Most of my professional life has been spent navigating through a world of uncertainty while advising investors whose primary goal is to acquire certainty. The paradoxical nature of that combination keeps me young and grays my hair at the same time. It’s exhausting but exhilarating, frustrating but fascinating.
Our desire for certainty is fundamental and instinctive. But even as we spare no effort in our search for it, the 800 pound gorilla in the room, the question that will not go away is: Does certainty even exist? Is it achievable, or is it simply wishful thinking?
The most logical and obvious place to look for answers is the 2,500 years of recorded thinking that philosophers have given to the subject. But that is simply impossible in a column of this size. More importantly, given the fringe status of philosophy in modern society, most of us would not even relate to the arguments. So we have to look elsewhere. Fortunately there is an alternative where we can find a tangible and understandable treatment of the subject—one that relates much more to our current thinking and cultural sensibilities: science.
One plus one equals two. If certainty exists, the most logical place to find it would be in science. Four years ago I was listening to a retired academic named William Byers being interviewed on one of my favorite podcasts: economist Russ Roberts’ EconTalk. Byers was discussing his new book “The Blind Spot,” an essay on the general misperception of science in the world. I was intrigued by the discussion and bought and read the book. In looking for some fresh ideas for this month’s column I pulled Byers’ book from the shelf and after leafing through a few pages I knew that his observations about uncertainty in science would be relevant to our interactions with uncertainty in the investment world.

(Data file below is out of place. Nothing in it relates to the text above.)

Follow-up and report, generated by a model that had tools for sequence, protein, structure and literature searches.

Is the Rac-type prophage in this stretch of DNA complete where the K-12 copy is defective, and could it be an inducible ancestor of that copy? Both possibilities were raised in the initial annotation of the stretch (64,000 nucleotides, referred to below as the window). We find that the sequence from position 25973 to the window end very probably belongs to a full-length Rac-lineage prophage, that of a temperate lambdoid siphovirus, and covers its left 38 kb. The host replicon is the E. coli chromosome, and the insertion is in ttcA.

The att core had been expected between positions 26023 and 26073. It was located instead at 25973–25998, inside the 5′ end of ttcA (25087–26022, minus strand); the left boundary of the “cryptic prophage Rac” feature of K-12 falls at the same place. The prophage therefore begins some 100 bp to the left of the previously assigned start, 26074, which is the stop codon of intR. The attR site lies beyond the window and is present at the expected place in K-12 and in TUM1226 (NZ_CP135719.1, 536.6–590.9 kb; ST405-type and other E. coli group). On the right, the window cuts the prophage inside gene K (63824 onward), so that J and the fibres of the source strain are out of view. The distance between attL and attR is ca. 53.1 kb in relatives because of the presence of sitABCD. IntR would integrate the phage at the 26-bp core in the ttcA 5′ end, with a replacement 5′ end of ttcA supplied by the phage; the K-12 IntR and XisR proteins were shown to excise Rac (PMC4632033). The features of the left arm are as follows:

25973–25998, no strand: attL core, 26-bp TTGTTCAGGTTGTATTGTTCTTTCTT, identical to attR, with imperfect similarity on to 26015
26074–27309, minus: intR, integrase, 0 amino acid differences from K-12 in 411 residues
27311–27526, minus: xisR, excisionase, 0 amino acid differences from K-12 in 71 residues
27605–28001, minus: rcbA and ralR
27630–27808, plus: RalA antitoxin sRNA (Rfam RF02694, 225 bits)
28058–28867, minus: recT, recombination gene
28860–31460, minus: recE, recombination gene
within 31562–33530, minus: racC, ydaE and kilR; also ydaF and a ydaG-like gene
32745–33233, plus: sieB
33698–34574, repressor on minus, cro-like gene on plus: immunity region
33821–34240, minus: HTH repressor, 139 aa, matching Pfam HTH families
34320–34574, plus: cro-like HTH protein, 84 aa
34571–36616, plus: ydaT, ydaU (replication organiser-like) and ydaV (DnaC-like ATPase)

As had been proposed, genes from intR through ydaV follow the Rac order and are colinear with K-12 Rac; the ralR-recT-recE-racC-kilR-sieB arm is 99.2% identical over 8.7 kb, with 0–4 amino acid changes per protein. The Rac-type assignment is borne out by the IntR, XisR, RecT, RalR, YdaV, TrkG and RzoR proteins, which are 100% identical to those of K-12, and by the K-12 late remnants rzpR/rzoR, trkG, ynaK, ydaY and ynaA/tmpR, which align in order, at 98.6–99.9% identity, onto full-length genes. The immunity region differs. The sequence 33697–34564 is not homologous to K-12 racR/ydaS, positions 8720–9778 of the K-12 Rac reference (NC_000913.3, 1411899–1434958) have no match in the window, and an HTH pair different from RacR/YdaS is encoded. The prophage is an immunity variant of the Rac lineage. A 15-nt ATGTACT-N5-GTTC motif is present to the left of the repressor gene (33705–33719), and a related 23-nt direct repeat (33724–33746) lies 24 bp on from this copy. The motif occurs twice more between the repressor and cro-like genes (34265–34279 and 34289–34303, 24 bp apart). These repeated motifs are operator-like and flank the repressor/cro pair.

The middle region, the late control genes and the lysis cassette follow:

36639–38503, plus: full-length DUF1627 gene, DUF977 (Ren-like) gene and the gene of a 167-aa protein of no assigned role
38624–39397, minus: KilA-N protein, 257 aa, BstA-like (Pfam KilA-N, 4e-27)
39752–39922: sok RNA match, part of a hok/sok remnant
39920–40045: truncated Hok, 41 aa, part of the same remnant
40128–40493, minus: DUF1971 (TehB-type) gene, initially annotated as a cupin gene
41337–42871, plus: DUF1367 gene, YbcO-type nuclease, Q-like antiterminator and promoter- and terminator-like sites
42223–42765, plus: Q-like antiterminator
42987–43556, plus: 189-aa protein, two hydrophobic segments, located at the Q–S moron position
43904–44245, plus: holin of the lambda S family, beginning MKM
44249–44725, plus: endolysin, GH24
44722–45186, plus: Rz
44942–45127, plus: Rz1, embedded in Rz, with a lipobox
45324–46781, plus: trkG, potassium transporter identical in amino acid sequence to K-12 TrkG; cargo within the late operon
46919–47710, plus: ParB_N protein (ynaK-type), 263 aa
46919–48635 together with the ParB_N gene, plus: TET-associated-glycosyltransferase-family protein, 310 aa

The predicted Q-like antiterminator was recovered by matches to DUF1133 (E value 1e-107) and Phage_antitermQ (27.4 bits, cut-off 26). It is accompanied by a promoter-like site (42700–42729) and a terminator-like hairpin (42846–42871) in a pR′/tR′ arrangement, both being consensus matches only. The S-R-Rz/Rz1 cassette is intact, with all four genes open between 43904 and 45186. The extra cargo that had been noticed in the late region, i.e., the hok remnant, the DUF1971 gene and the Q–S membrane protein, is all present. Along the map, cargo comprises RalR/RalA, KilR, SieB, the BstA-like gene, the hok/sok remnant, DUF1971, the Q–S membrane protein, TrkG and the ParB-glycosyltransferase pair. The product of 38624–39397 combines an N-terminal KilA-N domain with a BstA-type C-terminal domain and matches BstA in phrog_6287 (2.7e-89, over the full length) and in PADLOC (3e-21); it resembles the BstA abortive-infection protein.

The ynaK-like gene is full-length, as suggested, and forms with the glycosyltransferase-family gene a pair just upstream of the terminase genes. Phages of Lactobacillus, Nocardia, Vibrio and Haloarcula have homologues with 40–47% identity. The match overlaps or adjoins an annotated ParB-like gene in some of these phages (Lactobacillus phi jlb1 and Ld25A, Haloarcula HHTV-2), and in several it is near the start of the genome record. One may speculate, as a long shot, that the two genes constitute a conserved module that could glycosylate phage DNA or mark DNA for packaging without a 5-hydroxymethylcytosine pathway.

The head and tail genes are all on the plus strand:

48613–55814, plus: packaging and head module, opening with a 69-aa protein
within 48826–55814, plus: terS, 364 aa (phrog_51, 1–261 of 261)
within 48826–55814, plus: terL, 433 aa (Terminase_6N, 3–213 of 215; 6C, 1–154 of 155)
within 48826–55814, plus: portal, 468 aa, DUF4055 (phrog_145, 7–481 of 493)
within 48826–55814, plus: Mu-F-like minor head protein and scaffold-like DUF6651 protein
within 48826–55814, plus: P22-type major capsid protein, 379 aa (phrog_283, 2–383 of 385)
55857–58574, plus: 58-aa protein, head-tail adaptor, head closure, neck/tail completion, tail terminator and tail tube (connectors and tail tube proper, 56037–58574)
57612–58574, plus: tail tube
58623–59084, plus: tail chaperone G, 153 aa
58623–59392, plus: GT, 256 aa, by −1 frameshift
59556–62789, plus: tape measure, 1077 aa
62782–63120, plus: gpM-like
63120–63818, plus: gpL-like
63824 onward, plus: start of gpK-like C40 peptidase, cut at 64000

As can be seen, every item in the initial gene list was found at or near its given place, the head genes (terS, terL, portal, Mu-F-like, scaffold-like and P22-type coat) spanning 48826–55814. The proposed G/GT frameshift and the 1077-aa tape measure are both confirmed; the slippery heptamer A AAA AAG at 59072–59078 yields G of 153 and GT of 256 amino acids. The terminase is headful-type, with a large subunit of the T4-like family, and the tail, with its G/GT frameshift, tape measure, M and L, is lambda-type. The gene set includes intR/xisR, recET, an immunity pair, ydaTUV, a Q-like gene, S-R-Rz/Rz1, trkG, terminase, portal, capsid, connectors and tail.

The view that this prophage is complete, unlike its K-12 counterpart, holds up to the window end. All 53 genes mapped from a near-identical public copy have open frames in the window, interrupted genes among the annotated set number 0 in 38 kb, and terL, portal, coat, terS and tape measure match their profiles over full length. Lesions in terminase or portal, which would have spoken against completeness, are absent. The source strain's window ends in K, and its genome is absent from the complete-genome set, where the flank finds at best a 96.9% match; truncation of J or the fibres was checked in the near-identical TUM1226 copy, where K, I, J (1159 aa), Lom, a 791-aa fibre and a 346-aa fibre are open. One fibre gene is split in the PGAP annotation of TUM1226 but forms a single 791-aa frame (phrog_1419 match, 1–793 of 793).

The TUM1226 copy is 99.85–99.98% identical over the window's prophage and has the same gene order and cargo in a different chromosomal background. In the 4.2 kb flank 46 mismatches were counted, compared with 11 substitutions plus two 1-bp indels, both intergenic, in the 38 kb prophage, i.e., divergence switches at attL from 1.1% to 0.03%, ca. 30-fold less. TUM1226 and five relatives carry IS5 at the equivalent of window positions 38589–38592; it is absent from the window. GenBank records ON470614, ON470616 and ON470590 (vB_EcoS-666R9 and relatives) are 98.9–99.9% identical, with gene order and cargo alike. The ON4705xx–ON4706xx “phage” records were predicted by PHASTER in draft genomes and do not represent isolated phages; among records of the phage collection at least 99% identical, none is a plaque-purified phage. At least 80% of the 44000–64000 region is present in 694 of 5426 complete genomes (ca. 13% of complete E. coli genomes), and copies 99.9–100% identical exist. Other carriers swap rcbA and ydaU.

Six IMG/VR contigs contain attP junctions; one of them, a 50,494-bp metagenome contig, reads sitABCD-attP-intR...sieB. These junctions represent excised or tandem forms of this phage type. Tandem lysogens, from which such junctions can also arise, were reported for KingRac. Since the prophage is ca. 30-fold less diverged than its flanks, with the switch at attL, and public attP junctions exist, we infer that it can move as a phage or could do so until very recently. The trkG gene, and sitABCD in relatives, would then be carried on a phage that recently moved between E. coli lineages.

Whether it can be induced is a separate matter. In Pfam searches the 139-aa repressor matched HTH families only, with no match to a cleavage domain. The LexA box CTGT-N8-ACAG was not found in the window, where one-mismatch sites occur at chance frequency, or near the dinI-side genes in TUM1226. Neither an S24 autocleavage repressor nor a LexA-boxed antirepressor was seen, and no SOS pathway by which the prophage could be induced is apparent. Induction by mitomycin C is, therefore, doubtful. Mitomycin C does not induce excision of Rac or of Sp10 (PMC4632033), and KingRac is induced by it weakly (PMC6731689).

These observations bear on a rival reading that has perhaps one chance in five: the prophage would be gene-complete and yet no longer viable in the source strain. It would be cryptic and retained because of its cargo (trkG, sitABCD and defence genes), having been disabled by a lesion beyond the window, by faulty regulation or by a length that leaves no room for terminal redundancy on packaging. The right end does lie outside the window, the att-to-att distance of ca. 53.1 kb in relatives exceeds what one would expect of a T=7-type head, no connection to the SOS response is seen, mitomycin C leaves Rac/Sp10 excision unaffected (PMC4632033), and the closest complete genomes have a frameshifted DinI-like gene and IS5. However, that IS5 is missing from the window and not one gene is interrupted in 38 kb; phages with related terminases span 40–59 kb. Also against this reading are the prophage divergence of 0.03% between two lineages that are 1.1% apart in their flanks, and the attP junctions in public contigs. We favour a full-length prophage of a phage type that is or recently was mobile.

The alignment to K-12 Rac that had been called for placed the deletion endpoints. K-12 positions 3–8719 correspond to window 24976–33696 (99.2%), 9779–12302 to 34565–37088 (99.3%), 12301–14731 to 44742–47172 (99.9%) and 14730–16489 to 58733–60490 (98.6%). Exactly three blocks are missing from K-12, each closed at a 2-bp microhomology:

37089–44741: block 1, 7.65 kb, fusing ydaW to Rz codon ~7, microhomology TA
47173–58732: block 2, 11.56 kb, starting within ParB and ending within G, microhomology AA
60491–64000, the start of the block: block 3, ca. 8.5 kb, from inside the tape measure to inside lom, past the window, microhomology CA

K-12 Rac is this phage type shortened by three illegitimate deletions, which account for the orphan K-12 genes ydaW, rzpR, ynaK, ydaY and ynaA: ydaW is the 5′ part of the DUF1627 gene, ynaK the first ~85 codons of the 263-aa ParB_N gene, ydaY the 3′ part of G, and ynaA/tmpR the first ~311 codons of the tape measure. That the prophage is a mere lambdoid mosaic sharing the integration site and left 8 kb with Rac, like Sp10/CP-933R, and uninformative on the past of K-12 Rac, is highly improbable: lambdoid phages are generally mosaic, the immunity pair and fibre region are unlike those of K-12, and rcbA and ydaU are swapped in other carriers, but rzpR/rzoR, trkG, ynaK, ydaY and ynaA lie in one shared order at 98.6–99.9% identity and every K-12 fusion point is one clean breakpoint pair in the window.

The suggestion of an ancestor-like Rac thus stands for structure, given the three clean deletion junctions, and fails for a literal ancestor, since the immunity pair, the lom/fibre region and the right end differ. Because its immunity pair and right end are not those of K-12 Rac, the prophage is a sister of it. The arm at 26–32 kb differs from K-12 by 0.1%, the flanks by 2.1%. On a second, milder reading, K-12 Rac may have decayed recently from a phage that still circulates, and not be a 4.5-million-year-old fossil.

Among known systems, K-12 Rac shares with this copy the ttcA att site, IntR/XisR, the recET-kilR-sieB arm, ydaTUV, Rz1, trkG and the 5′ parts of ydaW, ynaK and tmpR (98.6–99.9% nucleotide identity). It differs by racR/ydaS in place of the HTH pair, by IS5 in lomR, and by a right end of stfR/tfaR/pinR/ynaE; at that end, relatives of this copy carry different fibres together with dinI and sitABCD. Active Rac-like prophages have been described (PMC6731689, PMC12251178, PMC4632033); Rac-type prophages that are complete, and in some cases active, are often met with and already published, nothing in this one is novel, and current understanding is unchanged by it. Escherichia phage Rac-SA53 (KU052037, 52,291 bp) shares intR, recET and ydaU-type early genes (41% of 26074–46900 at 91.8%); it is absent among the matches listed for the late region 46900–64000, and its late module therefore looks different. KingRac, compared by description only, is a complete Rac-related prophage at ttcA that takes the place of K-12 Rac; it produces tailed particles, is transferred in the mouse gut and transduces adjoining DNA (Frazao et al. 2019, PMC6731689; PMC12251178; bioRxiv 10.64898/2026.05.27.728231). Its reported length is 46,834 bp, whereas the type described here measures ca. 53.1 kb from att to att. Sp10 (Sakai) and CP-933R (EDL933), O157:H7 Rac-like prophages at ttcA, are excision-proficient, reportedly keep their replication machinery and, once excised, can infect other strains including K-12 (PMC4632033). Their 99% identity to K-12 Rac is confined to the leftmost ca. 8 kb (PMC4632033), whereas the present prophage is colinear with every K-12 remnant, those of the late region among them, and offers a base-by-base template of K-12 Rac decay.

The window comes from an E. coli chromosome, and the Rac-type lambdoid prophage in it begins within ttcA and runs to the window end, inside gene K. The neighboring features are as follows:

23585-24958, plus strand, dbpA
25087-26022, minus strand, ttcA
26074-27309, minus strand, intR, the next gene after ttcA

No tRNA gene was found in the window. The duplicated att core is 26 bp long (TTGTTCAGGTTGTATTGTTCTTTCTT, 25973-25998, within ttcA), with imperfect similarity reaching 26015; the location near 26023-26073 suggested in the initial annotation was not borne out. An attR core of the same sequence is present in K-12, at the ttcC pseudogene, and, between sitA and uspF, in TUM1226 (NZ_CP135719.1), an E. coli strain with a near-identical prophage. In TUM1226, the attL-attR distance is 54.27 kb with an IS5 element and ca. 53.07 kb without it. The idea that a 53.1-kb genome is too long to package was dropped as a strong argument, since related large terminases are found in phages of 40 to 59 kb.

The incredible success of science—the process of using a systematic form of observation and reasoning to understand, control and create things—has led many of us today to view it as the ultimate repository of truth and certainty. Byers very quickly challenges this kind of thinking. He asks: “What happens then when science and mathematics discover uncertainty and incompleteness as an intrinsic and unavoidable feature of the world?”
Byers introduces us to the idea of uncertainty in science with a paradox of the simplest kind: the difference between language and reality. He writes: “Take the concept of infinity. Infinity (in-finity) means non-finite, the essence of infinity is that it cannot be captured by the finite. Yet that is precisely what defining does—it reduces infinity to something that is finite and manageable.” The very fact of conceptualizing the world in either words or numbers is nothing more than a useful abstraction—and while enormously valuable, it isn’t the same as the reality it describes.
As systematic and as rational as it is, science, Byers reminds us, “is a creative art form.” All the great scientific advances were the result of individuals who looked out at the world and saw it in a fresh new way. This means there is no absolute, no objective body of definitive knowledge that will remain unchanged. It is all up for grabs—all the time.
In the early years of quantum mechanics there was a famous argument between Albert Einstein and Niels Bohr. Bohr held that the uncertainty surrounding the behavior of subatomic particles was both inevitable and inescapable; and Einstein held that the uncertainty scientists observed was due only to the current lack of understanding. He proposed that one day there would be a more complete theory that would eliminate the uncertainty. As brilliant and famous as he was, Einstein was wrong. Uncertainty is an important feature of quantum mechanics and a legitimate description of the real world; we just had to get comfortable with the idea.